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A group of cybercriminals is increasingly targeting colleges, schools and seminaries and attempting to extort them, the FBI’s Cyber Division has warned.

In an advisory to cybersecurity professionals and system administrators published Tuesday, the FBI said that criminals are leveraging software called PYSA ransomware to access IT networks, block access to vital information and systems through encryption, and demand payment to restore access.

In a double-extortion tactic that has also been employed by criminals using other types of ransomware, the criminals are not only requesting payment in exchange for making encrypted data accessible again. They are also threatening to sell sensitive information such as Social Security numbers on the dark web if institutions or affected individuals do not meet demands.

PYSA ransomware, also known as Mespinoza, has recently been used in attacks on educational institutions in 12 U.S. states and the United Kingdom, the FBI reported. The agency became aware of PYSA in March 2020. In addition to educational institutions, the ransomware has been involved in attacks on government entities, private companies and the health-care sector. The criminals behind PYSA ransomware have not been identified.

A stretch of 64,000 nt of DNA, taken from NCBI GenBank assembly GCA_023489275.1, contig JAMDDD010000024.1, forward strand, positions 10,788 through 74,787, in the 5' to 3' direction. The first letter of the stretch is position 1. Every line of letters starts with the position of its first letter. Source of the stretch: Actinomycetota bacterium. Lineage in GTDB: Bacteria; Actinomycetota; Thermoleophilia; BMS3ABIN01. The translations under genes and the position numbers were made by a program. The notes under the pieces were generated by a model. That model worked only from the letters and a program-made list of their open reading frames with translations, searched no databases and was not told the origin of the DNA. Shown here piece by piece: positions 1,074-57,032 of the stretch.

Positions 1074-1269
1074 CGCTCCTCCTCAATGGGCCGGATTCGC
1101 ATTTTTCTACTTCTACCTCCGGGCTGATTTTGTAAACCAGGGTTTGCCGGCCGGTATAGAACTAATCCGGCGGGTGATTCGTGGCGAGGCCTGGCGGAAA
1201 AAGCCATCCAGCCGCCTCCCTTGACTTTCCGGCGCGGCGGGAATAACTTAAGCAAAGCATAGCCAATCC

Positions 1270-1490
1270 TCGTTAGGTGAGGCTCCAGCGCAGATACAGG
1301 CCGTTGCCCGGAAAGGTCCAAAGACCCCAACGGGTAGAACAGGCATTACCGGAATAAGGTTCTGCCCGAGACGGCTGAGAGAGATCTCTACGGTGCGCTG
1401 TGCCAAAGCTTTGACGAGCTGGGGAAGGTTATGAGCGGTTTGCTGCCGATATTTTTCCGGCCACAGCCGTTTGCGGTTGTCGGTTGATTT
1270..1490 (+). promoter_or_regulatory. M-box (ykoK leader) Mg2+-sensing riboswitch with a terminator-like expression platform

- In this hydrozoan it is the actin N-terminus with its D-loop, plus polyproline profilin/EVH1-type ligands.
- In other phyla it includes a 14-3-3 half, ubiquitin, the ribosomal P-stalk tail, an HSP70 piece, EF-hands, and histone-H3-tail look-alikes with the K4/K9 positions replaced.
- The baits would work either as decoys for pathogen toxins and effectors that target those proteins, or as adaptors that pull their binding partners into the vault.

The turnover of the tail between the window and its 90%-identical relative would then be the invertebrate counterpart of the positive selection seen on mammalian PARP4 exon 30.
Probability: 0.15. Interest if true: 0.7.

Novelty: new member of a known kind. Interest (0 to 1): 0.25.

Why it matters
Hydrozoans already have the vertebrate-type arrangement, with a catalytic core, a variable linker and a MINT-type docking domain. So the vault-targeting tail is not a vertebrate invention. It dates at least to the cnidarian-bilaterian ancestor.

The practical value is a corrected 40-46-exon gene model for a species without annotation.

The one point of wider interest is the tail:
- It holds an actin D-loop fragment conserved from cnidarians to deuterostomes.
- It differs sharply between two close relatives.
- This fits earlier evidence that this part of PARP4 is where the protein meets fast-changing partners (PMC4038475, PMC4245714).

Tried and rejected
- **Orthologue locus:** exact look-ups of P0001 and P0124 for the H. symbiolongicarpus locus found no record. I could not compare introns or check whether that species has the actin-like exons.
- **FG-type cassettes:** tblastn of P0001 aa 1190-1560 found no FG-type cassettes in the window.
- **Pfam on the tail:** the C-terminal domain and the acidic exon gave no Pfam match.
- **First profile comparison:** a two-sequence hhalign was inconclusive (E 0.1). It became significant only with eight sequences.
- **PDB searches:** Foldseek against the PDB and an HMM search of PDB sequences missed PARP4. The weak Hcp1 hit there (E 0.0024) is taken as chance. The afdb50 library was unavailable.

The FBI said that the criminals often gain access to IT networks through phishing emails or stolen log-in credentials. Files ending in the .pysa extension are characteristic of a compromise, the agency said. It also provided a long list of email addresses associated with ransom demands.

To make it more difficult for criminals to gain access, the FBI advises that institutions use multifactor authentication, regularly patch software and systems, encourage users not to use public Wi-Fi networks, and train employees and staff members on ransomware and phishing scams.

“The FBI does not encourage paying ransoms,” the advisory said. “Payment does not guarantee files will be recovered. It may also embolden adversaries to target additional organizations, encourage other criminal actors to engage in the distribution of ransomware, and/or fund illicit activities.”

The FBI encourages any institution to report suspected ransomware attacks or attempts to its local FBI field office or the FBI’s Internet Crime Complaint Center.

A list of domains the FBI said are associated with the ransom notes follows: